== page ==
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Chronic Depression (Dysthymia)

A mood disorder consisting of the same cognitive and physical problems as in depression, with less severe but longer-lasting symptoms.

PubMed Health Glossary
(Source: Wikipedia)

About Dysthymia (Chronic Depression)

There are different types and severities of depression. Some only arise under certain circumstances, for example after giving birth.

The most common form of depression is known as unipolar depression. People experience several typical symptoms such as feeling low, exhaustion, joylessness and a lack of motivation for at least two weeks. Depending on how many symptoms a person has and how severe they are, depression is classed as mild, moderate or severe.

Dysthymia

Some people have a milder change in their mood that is similar to depression. They feel unsettled, unhappy and down, but this does not affect their everyday lives as much as depression. The symptoms change from day to day and week to week. If the symptoms last for at least two years, it is considered to be a chronic depressive disorder called dysthymia. Although the symptoms are not as severe as typical depression, dysthymia can be just as distressing because it lasts so long... Read more about Chronic Depression

What works? Research summarized

Evidence reviews

Depression: The Treatment and Management of Depression in Adults (Updated Edition)

This clinical guideline on depression is an updated edition of the previous guidance (published in 2004). It was commissioned by NICE and developed by the National Collaborating Centre for Mental Health, and sets out clear, evidence- and consensus-based recommendations for healthcare staff on how to treat and manage depression in adults.

Depression in Children and Young People: Identification and Management in Primary, Community and Secondary Care

This guideline has been developed to advise on the identification and management of depression in children and young people in primary, community and secondary care. The guideline recommendations have been developed by a multidisciplinary team of healthcare professionals, carers, and guideline methodologists after careful consideration of the best available evidence. It is intended that the guidelines will be useful to clinicians and service commissioners in providing and planning high-quality care for children and young people with depression while also emphasising the importance of the experience of care for patients and their families.

Depression in Adults with a Chronic Physical Health Problem: Treatment and Management

This clinical guideline was commissioned by NICE and developed by the National Collaborating Centre for Mental Health. It sets out clear, evidenceand consensus-based recommendations for healthcare staff on how to treat and manage depression in adults with a chronic physical health problem.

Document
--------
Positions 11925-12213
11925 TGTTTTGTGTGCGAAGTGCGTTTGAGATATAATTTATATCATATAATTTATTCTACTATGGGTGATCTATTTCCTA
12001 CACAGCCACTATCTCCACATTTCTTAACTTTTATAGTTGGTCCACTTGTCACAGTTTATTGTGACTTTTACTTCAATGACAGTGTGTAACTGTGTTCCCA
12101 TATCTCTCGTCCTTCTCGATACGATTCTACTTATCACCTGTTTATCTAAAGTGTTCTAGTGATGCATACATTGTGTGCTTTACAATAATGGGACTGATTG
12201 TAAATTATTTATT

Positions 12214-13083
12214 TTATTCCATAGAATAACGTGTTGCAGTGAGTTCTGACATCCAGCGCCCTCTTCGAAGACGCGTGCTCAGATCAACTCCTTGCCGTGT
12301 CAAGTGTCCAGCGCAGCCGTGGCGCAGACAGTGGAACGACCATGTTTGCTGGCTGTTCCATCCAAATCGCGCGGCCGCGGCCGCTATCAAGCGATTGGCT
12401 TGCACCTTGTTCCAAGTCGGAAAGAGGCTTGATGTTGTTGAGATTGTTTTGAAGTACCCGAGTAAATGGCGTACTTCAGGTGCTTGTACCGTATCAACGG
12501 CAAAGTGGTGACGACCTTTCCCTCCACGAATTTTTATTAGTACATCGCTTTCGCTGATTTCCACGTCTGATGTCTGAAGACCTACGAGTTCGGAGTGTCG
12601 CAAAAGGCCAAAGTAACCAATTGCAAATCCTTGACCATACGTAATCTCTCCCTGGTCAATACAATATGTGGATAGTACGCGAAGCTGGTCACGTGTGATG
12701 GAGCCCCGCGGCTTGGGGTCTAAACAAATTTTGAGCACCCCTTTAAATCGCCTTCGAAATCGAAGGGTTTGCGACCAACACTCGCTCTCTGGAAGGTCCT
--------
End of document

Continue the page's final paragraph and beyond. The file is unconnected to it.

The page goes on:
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Summaries for consumers

Psychosocial interventions for treating depression in dialysis patients

Depression is the most common psychological problem in the chronic dialysis population and it affects their physical, mental and social well‐being. The aim of this review was to determine the effectiveness of psychosocial interventions (e.g. cognitive behavioural therapy) for treating depressed dialysis patients. No relevant randomised controlled trials were identified. Large, long‐term studies are needed in this area.

Types of depression

There are different types and severities of depression. Some only arise under certain circumstances, for example after giving birth.The most common form of depression is known as unipolar depression. People experience several typical symptoms such as feeling low, exhaustion, joylessness and a lack of motivation for at least two weeks. Depending on how many symptoms a person has and how severe they are, depression is classed as mild, moderate or severe.

Physical measures for treating depression in dialysis patients

Depression is the most common psychological problem in the chronic dialysis population and it affects their physical, mental and social well‐being. The aim of this review was to determine the effectiveness of physical measures (e.g. antidepressants, electro‐convulsive therapy) for treating depressed dialysis patients. Only one small, short‐term study was identified after an extensive literature search, and this study found no difference between treatment and control groups treated for depression. Large, long‐term studies are needed in this area.

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More about Chronic Depression

Photo of an adult woman

Also called: Dysthymic disorder, Persistent depressive disorder, Dysthymic

Other terms to know:
Chronic, Depression, Major Depression (Major Depressive Disorder)

Related articles:
Signs of Depression
Depression: Strategies for Family and Friends

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